Reachview 2.20.6 Android connection issue over mobile hotspot

Hi everyone,

Recently purchased two new RS2 for evaluation purposes and already running into issues (not a good sign)

Reachview app:

Handheld device: OnePlus3T, Android 9 running OxygenOS 9.0.4 June 1, 2019 security patch

  1. Can’t connect to Reachview via Android app when on Reach’s WiFi network with handheld mobile data on. Constantly get:

As soon as put my device in airplane mode and try again it connects (yay!)

  1. Start up mobile hotspot on my device, Reach connects to it (solid blue Wifi) and I can see the device on my hotspot manager:

But when I try to connect via Android app I can see the reach on the network but can’t connect:

I try typing the IP into Chrome on my handset and still won’t connect:

However connecting my PC to my hotspot and typing in the Reach IP works. So why can’t the handset connect when using hotspot??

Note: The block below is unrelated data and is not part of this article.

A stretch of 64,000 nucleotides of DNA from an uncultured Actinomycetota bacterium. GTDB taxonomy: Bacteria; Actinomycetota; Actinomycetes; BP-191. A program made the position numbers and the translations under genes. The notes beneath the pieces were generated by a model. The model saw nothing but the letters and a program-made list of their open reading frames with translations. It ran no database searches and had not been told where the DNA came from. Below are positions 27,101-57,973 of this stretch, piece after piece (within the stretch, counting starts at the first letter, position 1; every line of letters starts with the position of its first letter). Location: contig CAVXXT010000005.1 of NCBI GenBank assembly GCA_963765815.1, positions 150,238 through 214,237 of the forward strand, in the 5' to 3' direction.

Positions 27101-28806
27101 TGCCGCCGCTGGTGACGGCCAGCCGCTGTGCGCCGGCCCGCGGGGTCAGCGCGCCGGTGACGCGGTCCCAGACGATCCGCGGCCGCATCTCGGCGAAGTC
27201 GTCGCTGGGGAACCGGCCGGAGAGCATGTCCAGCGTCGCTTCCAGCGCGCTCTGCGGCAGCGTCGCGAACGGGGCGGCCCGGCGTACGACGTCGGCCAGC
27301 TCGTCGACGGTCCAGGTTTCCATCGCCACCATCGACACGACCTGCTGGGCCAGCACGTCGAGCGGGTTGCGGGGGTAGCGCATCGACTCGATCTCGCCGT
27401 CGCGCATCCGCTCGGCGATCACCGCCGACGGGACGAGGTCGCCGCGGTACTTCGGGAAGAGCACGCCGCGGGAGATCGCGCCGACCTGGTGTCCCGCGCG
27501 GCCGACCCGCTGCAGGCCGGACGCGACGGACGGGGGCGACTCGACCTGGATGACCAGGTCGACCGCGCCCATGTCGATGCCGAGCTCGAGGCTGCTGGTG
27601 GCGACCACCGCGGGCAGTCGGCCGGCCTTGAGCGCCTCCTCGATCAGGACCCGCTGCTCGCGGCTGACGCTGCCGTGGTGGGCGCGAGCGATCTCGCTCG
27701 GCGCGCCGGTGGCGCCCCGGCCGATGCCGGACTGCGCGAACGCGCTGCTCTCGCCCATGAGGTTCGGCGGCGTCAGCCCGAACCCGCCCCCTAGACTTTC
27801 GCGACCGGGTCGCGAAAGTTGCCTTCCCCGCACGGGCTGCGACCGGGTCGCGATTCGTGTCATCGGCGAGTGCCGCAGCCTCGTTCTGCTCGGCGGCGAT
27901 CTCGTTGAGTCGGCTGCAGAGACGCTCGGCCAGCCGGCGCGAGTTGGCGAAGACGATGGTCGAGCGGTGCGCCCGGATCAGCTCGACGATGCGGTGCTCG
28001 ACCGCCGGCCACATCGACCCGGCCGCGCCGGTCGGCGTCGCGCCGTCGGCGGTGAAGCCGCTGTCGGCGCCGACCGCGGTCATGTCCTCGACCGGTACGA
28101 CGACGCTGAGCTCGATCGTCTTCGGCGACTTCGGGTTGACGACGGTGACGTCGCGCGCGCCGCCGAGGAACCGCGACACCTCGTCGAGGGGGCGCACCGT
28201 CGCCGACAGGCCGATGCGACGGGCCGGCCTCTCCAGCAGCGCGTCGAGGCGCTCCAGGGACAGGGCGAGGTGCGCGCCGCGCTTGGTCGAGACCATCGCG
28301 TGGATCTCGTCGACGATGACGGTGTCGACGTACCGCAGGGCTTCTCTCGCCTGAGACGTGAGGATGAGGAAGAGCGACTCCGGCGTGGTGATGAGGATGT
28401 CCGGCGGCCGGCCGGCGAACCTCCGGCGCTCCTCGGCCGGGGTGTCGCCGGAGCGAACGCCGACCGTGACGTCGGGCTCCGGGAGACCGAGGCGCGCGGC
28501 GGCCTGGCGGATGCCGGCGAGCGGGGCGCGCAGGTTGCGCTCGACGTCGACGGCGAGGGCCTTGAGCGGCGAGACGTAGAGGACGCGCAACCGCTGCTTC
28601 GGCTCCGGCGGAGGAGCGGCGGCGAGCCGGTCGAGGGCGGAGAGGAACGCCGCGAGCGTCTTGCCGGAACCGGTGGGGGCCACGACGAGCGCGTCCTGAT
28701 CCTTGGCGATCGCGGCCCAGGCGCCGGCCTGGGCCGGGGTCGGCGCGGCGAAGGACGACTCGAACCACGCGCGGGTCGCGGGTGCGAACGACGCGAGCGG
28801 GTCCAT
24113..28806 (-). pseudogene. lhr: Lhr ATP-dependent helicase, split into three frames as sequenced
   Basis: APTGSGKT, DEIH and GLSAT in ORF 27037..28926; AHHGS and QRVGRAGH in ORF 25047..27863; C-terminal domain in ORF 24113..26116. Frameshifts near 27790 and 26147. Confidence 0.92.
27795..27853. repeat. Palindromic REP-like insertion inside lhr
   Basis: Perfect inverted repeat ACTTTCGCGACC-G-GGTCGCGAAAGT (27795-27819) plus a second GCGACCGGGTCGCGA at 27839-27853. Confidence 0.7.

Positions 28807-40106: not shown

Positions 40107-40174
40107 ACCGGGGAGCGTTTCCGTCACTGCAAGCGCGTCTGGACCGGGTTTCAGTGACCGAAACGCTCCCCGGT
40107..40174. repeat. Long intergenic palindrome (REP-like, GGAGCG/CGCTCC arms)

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Mine does all of that but it depends on the android phone I use, the most important is that you can get into the RS2 whether it be a PC or whatever android phone that works so that you set up the hotspot. Once it is set up like you have done then you have to fumble around to find out what you can actually use, For me my Pixel 6 makes the hotspot and the reach connects to it upon boot up. If I do it this way I can connect with the app or using the browser. If I then turn off the hotspot on my pixel 6 and have the reach join my local wifi and the pixel joins the same wifi it will never find the RS2. But if I whip out any of a bunch of android phones like a nexus 6p the reach app see’s the RS2 and can make a connection. I know it’s a hassle but it is getting better like I said you have to find a method that works for your hardware at this stage of the game.